The cabin materials give off the air of everything being hand-finished, while even the doors close with a barely perceptible shush thanks to their power closing mechanism.


All of this imparts that important sense of letting the customer know where their sizeable money transfer has been spent, and the BMW 7 Series is a car that will last a very long time.

The infotainment in the BMW 7 Series could fill a book if we were to write about every facet of its ability and appearance. In short, there are digital screens for almost every function and need inside the car, as well as a head-up display with augmented reality and smartphone app.


In place of a standard dashboard, the 7 Series comes with a BMW Interaction Bar, which is a display that spans the dash and front doors. It also comprises some of the interior lighting and it acts more like a personal assistant than mere provider of important driving data.


In the back, the infotainment steps up another notch with the tablet screens in the doors, plus the option of a glass rotary iDrive dial for the main infotainment system.


As well as that, there is the vast 31-inch BMW Theatre Screen that does exactly what it says when it’s lowered down from its resting position in the ceiling. It’s an 8K widescreen television that uses an Amazon Firestick to let you watch whatever you fancy. A cripplingly expensive optional extra, but one that many well-heeled customers won't be able to resist ticking.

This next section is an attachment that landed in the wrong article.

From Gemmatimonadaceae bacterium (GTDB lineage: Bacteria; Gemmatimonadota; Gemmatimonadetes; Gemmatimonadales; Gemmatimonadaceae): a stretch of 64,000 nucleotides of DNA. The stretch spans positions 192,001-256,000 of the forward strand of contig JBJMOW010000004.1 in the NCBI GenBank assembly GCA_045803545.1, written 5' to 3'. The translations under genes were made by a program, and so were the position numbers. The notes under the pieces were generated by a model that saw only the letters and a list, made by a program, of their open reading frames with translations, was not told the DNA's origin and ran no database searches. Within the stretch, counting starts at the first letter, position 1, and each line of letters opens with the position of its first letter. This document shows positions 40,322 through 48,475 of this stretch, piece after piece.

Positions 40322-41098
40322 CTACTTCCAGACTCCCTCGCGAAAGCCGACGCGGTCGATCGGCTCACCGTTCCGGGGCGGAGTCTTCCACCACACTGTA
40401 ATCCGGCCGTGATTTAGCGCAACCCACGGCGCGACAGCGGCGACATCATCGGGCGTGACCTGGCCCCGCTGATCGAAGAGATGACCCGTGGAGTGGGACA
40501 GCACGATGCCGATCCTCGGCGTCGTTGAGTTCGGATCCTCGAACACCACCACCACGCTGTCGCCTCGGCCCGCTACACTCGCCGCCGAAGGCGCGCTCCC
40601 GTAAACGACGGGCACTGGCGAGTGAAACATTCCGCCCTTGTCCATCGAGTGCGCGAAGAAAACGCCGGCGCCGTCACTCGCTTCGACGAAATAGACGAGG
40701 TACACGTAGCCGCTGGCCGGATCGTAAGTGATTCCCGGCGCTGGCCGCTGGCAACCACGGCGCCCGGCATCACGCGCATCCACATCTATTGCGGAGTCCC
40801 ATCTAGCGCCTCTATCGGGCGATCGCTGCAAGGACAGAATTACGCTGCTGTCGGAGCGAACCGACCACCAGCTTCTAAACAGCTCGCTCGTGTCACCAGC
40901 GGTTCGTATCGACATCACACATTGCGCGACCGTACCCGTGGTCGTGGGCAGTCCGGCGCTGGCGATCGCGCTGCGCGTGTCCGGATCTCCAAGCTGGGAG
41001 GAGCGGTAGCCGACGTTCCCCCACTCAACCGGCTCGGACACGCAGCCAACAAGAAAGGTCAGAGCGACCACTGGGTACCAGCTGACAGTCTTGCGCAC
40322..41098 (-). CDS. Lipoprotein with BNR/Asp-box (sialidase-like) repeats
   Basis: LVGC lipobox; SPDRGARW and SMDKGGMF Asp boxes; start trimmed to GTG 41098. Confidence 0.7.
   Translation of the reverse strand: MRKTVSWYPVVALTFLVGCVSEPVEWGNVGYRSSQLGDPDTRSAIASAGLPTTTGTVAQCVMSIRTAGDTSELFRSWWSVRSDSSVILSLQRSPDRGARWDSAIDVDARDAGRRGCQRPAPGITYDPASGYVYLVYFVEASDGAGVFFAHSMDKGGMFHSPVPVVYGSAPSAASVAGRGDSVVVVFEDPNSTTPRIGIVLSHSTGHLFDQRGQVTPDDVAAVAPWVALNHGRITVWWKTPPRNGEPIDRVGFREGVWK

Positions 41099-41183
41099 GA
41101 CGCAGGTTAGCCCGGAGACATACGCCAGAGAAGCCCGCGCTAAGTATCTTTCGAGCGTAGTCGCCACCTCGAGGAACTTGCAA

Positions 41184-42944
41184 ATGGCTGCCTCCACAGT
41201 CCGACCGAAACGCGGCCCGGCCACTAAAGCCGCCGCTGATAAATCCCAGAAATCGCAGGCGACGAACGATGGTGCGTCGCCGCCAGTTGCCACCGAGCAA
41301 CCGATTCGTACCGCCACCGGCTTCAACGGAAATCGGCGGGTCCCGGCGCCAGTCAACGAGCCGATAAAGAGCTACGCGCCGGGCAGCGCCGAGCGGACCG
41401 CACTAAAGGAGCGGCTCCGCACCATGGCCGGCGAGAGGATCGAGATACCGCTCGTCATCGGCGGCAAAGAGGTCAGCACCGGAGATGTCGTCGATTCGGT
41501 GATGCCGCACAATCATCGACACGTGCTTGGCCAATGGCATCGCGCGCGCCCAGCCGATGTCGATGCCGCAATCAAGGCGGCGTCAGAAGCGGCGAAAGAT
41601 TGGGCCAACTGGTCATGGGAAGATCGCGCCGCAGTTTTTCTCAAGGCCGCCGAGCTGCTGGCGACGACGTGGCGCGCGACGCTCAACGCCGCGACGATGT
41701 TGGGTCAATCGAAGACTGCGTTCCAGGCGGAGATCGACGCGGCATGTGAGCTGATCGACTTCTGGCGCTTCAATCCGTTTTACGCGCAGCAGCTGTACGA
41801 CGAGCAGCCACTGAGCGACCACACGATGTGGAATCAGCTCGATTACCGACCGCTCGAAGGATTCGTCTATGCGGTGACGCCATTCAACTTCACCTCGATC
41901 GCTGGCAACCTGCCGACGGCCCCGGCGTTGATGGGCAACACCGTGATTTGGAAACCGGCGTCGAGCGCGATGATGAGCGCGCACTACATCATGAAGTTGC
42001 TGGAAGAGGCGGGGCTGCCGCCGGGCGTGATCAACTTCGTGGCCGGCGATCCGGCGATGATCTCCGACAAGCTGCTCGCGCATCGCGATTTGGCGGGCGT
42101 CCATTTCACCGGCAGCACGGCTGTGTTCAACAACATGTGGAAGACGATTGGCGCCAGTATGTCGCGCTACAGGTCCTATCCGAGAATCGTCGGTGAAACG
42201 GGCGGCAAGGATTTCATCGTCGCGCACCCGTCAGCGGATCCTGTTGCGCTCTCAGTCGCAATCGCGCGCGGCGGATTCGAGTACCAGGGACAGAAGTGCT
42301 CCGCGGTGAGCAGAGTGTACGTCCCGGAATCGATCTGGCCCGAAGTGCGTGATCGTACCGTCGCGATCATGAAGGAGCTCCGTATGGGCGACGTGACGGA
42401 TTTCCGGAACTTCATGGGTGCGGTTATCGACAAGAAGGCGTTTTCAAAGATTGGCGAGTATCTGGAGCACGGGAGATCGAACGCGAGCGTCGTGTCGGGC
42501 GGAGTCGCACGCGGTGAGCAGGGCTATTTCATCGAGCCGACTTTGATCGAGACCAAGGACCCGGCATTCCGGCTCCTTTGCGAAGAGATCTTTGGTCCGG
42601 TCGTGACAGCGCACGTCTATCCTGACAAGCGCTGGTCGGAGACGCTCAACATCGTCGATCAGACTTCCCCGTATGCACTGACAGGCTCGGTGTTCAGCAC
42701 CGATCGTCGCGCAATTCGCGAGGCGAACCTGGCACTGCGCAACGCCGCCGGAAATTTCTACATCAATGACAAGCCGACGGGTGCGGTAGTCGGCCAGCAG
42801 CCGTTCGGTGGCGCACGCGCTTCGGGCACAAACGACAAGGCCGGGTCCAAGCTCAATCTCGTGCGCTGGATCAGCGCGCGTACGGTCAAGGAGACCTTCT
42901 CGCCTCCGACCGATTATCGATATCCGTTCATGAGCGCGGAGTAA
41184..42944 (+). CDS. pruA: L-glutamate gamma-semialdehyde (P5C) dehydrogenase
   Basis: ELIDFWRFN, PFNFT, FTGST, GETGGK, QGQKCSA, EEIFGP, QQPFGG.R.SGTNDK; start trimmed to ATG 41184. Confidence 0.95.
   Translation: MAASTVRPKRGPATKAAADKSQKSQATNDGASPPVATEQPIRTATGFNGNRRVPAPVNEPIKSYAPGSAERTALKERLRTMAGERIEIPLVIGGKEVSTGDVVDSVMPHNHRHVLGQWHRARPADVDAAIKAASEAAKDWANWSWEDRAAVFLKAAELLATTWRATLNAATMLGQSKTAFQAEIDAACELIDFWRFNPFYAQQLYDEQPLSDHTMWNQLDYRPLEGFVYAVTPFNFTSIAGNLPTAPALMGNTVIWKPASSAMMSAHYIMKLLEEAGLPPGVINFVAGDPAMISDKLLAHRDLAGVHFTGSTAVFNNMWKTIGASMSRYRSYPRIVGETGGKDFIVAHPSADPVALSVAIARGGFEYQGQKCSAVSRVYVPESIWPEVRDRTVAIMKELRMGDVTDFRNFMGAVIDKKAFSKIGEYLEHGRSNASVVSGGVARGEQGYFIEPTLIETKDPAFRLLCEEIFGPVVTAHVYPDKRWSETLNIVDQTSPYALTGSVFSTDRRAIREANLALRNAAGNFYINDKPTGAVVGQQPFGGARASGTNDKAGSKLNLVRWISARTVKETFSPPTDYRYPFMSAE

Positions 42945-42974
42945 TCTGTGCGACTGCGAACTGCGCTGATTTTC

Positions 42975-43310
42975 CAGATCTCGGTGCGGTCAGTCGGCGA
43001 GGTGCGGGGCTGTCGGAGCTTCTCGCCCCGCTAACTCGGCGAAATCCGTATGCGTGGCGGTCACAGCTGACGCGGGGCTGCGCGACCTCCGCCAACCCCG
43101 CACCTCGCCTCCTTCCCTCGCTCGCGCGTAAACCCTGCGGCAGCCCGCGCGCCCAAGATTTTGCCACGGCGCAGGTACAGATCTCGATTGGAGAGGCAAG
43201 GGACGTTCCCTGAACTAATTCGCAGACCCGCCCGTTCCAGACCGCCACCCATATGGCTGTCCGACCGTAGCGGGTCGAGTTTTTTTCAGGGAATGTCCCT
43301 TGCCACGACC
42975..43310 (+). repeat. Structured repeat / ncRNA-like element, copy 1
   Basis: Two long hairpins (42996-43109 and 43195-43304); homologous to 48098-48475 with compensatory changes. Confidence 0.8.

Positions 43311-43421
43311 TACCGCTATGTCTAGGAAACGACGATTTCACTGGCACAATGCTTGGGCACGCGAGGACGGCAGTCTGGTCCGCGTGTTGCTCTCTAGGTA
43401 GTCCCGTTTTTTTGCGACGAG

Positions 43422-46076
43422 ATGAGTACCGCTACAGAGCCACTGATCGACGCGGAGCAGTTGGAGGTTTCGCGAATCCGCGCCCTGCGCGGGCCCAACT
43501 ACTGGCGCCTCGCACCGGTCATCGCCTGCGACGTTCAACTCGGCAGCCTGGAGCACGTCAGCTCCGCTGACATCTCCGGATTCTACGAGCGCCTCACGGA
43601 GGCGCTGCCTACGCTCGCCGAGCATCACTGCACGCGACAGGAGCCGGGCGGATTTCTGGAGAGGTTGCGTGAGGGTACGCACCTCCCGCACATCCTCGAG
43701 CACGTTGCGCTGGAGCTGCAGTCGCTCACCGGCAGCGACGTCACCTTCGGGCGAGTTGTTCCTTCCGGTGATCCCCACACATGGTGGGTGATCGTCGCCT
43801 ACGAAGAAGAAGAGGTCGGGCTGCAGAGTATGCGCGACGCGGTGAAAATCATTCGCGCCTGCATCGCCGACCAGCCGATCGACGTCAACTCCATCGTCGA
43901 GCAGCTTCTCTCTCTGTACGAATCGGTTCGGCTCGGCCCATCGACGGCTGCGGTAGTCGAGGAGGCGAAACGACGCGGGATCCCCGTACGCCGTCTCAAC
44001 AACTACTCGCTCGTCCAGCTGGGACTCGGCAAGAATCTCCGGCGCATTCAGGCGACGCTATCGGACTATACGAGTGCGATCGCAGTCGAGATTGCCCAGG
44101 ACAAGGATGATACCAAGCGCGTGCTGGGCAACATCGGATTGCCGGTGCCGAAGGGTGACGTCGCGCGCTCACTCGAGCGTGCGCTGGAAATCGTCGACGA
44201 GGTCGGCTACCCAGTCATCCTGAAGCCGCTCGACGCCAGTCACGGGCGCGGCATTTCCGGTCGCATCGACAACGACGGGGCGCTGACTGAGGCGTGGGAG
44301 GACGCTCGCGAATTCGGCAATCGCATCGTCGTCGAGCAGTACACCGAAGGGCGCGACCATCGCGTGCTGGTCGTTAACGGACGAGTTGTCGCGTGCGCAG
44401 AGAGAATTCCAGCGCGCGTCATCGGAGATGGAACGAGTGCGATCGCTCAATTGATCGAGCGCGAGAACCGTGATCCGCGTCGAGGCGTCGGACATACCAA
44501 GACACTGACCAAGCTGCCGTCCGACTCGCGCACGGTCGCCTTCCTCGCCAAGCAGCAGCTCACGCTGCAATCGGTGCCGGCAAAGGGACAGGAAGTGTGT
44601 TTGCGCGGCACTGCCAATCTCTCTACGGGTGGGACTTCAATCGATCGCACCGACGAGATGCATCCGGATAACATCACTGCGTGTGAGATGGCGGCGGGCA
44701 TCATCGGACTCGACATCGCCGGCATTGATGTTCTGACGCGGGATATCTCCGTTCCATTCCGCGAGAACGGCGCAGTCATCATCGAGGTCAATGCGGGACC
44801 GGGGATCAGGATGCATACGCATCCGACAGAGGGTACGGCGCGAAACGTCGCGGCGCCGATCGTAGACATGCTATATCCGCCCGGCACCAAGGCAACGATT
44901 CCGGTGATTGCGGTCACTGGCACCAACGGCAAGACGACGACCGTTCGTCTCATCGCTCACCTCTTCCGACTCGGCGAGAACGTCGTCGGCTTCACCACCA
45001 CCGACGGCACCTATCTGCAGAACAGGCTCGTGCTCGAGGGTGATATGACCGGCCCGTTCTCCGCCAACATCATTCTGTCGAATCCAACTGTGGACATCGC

This is backed up by a Bowers & Wilkins stereo with 18 speakers, or 36 speakers if you go for this option.

When it comes to boot space in the BMW 7 Series, you will have no trouble whether it’s a trip to the local golf course or a month’s golfing tour of your favourite links resorts. At 525-litres, it’s a little smaller than the Mercedes S-Class’ but not so you’d really notice or worry about.

Handling and ride quality: What is the BMW 7 Series like to drive?

"If there’s one area where the BMW 7 Series has always distinguished itself from its closest rivals, it’s handling. Yes, the Audi A8 and Mercedes S-Class can be hustled with more verve than you would think dignified, but the 7 Series has always seemed more up for this sort of behaviour."